The day of a holiday party or dinner, I eat normally, but especially focus on high quality foods – lots of veggies, protein, healthy fat, and unprocessed grains. If I know I’m going somewhere where there will be a lot of appetizers but not a full dinner, I make sure to have a little something to eat right beforehand – usually something with veggies and protein to fill me up a little, like a small salad with chicken or beans or some veggies with hummus or guacamole. That way, I can arrive at the party/dinner calm, and then…
3) Assess which indulgences are really worth it.
When you arrive at a party (or buffet-style dinner), first, do a lap – what’s there? What are your options? Then, ask yourself whether the food or drink that you’re considering enjoying is something that will be really worth it. This does not at all mean that guilt should come into the equation or that we should be assessing options based on calories. Rather, are you thinking of eating/drinking whatever it is because you will really enjoy it/it will enhance whatever experience you’re having, or just because it’s there? Not being completely ravenous per #2 will help a lot with taking time to assess your options and picking a few favorites to enjoy.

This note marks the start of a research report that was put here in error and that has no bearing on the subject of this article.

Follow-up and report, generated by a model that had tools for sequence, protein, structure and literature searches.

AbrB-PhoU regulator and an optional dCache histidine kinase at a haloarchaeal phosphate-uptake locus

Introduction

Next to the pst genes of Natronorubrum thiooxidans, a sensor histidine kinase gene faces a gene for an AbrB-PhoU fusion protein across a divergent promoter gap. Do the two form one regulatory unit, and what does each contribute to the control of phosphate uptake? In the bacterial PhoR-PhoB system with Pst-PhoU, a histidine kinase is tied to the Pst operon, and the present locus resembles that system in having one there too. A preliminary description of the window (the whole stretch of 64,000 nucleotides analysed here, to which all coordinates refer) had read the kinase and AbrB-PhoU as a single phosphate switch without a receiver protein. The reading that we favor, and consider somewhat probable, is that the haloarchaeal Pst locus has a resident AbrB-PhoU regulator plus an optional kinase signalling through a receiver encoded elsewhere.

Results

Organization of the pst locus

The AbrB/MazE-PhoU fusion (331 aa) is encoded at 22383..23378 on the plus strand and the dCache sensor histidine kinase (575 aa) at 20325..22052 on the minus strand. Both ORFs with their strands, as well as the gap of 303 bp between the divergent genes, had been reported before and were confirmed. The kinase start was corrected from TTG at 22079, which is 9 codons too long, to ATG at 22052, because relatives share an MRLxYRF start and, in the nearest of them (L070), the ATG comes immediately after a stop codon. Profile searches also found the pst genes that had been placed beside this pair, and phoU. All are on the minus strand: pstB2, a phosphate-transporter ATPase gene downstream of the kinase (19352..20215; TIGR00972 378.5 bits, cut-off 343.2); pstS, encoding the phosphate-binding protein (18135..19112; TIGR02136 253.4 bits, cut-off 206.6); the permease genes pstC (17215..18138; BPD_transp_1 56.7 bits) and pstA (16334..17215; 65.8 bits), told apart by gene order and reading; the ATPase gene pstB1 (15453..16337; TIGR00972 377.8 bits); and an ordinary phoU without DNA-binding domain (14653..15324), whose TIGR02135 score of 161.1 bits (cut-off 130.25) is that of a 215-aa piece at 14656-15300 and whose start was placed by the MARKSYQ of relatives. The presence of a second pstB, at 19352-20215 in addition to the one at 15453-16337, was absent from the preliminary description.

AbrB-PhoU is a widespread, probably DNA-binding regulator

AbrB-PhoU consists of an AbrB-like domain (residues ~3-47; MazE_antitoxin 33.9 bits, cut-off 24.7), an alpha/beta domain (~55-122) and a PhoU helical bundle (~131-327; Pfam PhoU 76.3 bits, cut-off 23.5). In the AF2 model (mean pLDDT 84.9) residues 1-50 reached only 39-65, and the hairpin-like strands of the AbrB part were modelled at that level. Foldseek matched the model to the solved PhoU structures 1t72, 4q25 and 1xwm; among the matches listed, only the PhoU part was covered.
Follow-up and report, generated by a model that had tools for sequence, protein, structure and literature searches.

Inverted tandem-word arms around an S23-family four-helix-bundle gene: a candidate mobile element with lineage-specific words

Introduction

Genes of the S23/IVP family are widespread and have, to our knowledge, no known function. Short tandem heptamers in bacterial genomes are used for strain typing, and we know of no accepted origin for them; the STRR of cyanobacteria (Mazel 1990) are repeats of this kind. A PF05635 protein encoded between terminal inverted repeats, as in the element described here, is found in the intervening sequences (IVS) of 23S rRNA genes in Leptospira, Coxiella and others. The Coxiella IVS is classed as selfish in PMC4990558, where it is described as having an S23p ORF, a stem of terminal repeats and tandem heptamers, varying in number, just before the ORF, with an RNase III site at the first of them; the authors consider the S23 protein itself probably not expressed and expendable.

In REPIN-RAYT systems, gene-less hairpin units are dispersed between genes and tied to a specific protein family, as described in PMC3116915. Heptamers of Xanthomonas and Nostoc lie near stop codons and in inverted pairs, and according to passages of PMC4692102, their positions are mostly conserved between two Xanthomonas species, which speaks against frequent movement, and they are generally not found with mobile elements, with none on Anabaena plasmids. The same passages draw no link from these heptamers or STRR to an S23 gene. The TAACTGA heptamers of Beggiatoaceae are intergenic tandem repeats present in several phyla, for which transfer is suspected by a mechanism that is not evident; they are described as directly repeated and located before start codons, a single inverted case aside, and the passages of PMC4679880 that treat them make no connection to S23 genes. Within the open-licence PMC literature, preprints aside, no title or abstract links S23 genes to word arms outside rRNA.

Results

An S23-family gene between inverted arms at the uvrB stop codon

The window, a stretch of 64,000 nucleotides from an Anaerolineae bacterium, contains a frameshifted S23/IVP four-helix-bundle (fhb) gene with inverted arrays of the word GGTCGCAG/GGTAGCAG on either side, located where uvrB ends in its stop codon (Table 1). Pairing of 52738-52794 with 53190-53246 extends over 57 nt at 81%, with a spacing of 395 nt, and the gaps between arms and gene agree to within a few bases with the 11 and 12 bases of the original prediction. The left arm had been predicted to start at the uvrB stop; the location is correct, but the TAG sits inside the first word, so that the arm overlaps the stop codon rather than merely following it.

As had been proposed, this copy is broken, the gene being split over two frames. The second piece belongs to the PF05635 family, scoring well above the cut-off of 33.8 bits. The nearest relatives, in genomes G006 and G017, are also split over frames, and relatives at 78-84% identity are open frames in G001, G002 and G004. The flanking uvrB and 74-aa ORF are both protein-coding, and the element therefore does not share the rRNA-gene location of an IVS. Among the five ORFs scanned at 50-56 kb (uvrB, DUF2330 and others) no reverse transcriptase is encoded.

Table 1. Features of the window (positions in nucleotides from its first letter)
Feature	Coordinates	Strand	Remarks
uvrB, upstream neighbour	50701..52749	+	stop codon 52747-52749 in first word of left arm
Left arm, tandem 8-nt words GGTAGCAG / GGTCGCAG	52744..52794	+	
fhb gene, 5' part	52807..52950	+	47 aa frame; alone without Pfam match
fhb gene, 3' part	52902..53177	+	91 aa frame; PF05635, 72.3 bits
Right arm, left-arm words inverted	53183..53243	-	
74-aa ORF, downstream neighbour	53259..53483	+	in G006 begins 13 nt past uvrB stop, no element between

Too often we indulge not because we really want to but because we’re on autopilot. It’s easy to mindlessly eat and drink at holiday gatherings, and simply stopping and checking in goes a long way. I’ve had clients tell me that when they actually started to pay attention to what they were eating or drinking, they realized they didn’t even like it!
Indulging in food is one of life’s greatest pleasures – but make sure what you’re having is actually something you enjoy, and that you’re not just having it just because you’re bored/distracted.
Along those lines, if you aren’t actually hungry and just want something to do, try tea.
Tea is one of my favorite things to enjoy when I want SOMETHING, but I’m not actually hungry. I like ordering tea after a meal at a restaurant when I want something but not necessarily dessert. This also works particularly well in the afternoons at work (if I’m not actually hungry, just want a distraction) and in the evenings before bed. I’ve been loving the Celestial Seasonings holiday offerings lately, and so has Matt! Such a nice, healthy way to enjoy a taste of the holiday season. Between the two of us this past weekend I’m pretty sure we had more than 10 cups of tea. So comforting and tasty!